LOS ANGELES -- The picture of the New York Rangers' devastation Saturday night sat in the first stall to the right of the entrance into the visitor's dressing room at Staples Center.
There sat goalie Henrik Lundqvist, his head buried underneath his hands, looking inconsolable as the media walked into the room looking for answers as to how and why the Rangers coughed up another two-goal lead in the Stanley Cup Final only to lose in overtime again, this time 5-4 in double overtime to the Los Angeles Kings in Game 2.
Lundqvist, his equipment off at this point, had to gather himself and his thoughts before opening himself up to the interrogators in the room. It's impossible to imagine how difficult this was for him, especially because he was as frustrated as he was devastated at how it unfolded.
One of the goals scored, Lundqvist said, should not have been a goal. It angered him deeply.
"I'm extremely disappointed on that call, or non-call," Lundqvist said. "They got to be consistent with that rule."
The goal in question was scored by Kings forward Dwight King, 1:58 into the third period. It sliced the Rangers' lead to 4-3.
The call in question is interference on the goalkeeper, or at least incidental contact with the goalie in the crease.
King was in front of the net, in the blue paint battling for position with Rangers defenseman Ryan McDonagh, when Kings defenseman Matt Greene fired a shot from the point. Greene's shot deflected off of King and past Lundqvist. King wound up falling on top of Lundqvist's legs.
Lundqvist said that referee Dan O'Halloran explained to him that the contact came after the puck had gone by him. The goalie said he didn't agree with that explanation.
"That's a wrist shot that I'm just going to reach out for and I can't move," Lundqvist said. "It's a different game after that. It's such an important play in the game."
But the fact is that even with King's goal, the Rangers still had the lead with approximately 18 minutes to play. They couldn't hold it.
That's the bigger story about the Rangers in the first two games, regardless of any perceived bad or unlucky goals against.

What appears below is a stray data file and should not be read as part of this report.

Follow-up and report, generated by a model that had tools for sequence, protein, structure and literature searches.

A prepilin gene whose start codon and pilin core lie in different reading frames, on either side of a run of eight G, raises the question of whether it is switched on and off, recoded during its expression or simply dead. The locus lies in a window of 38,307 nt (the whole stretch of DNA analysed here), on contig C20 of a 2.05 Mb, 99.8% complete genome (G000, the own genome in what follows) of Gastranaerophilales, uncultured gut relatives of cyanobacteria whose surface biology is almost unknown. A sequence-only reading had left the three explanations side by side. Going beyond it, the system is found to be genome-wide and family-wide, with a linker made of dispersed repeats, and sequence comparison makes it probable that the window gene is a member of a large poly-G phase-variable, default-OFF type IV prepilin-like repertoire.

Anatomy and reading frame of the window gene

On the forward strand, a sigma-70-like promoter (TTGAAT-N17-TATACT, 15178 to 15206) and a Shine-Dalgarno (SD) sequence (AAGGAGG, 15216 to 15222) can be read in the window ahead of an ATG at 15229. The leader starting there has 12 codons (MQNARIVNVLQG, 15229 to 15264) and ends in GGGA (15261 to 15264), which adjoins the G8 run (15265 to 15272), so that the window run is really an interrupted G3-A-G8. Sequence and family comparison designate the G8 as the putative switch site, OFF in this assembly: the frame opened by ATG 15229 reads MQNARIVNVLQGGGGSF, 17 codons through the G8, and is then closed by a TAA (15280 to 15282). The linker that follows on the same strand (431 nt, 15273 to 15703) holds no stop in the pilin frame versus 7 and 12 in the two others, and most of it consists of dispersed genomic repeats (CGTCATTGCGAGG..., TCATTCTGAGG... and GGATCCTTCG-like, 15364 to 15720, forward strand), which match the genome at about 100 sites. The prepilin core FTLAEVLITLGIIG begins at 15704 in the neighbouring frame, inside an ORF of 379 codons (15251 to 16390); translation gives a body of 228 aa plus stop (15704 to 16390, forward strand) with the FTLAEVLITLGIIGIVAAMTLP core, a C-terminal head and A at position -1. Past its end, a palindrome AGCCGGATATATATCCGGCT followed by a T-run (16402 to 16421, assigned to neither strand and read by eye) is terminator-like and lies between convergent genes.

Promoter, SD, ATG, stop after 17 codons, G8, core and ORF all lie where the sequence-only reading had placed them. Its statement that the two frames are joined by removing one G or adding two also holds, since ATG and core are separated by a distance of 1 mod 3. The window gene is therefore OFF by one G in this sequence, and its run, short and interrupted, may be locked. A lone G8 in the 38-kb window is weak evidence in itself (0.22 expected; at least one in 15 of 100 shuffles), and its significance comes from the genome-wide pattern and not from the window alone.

New York led 2-0 in the first period of Game 1, but gave it back and lost in overtime, 3-2.
It again had a 2-0 lead in the first period of Game 2, then a 3-1 lead and finally 4-2 entering the third, but the Rangers gave it all back and lost in double overtime.
Despite the fact that they haven't trailed yet, the Rangers are in a 2-0 hole in this best-of-7 series going back to Madison Square Garden for Game 3 on Monday (8 p.m. ET; NBCSN, CBC, RDS).
"I don't think we're devastated," Rangers defenseman Dan Girardi said. "Obviously, we're disappointed that we didn't get a better outcome with the two games we played in L.A. We had the lead, a controlling lead, and it's just unfortunate we couldn't hold on to those two-goal leads. But we're a lot happier with how we played [in Game 2]. A lot more jam, played a lot harder. We have to take everything we did well [Saturday] and bring it over to Game 3."
The Rangers also have to find a way to put away the frustration they felt about King's goal. That wasn't happening Saturday night. The wound was too fresh.
Lundqvist said the play in question didn't warrant a goalie-interference penalty on King, but he thought the referee should have blown the play dead because of the incidental contact in the crease.
He complained that the officials called goalie interference on Rangers forward Benoit Pouliot in the second period for contact with Kings goalie Jonathan Quick, who was standing above the crease when the contact was made.
"Benny got pushed in and tried to avoid him and he gets two minutes, and the puck was not even there," Lundqvist said. "Then we have the same play and they score. I don't think it's a penalty, but you've got to stop the play if the goalie can't move in his crease. It's not like I'm outside the crease; I play pretty deep. Just be consistent with it."
King said he was simply just trying to get to the front of the net.
"We were just battling for position," he said. "I was trying to get in front of [McDonagh], but I didn't get there. I was fortunate enough for it to hit me, I guess."
The Rangers haven't been fortunate enough to win yet in this series despite taking 2-0 leads in both games.
They have a six-hour flight home Sunday and can spend it staring in the mirror, because no matter what they thought of King's goal, that wasn't the difference Saturday and it's not the reason they now face the gargantuan task of having to beat the Kings four times in five games.
"You don't have a choice, you have to move on," Lundqvist said. "We go home now and you try to stay positive, believing in what we do in here. We did a lot of good things out there. It's come down to a couple plays that so far they're taking advantage of, a couple mistakes [in] the first two games."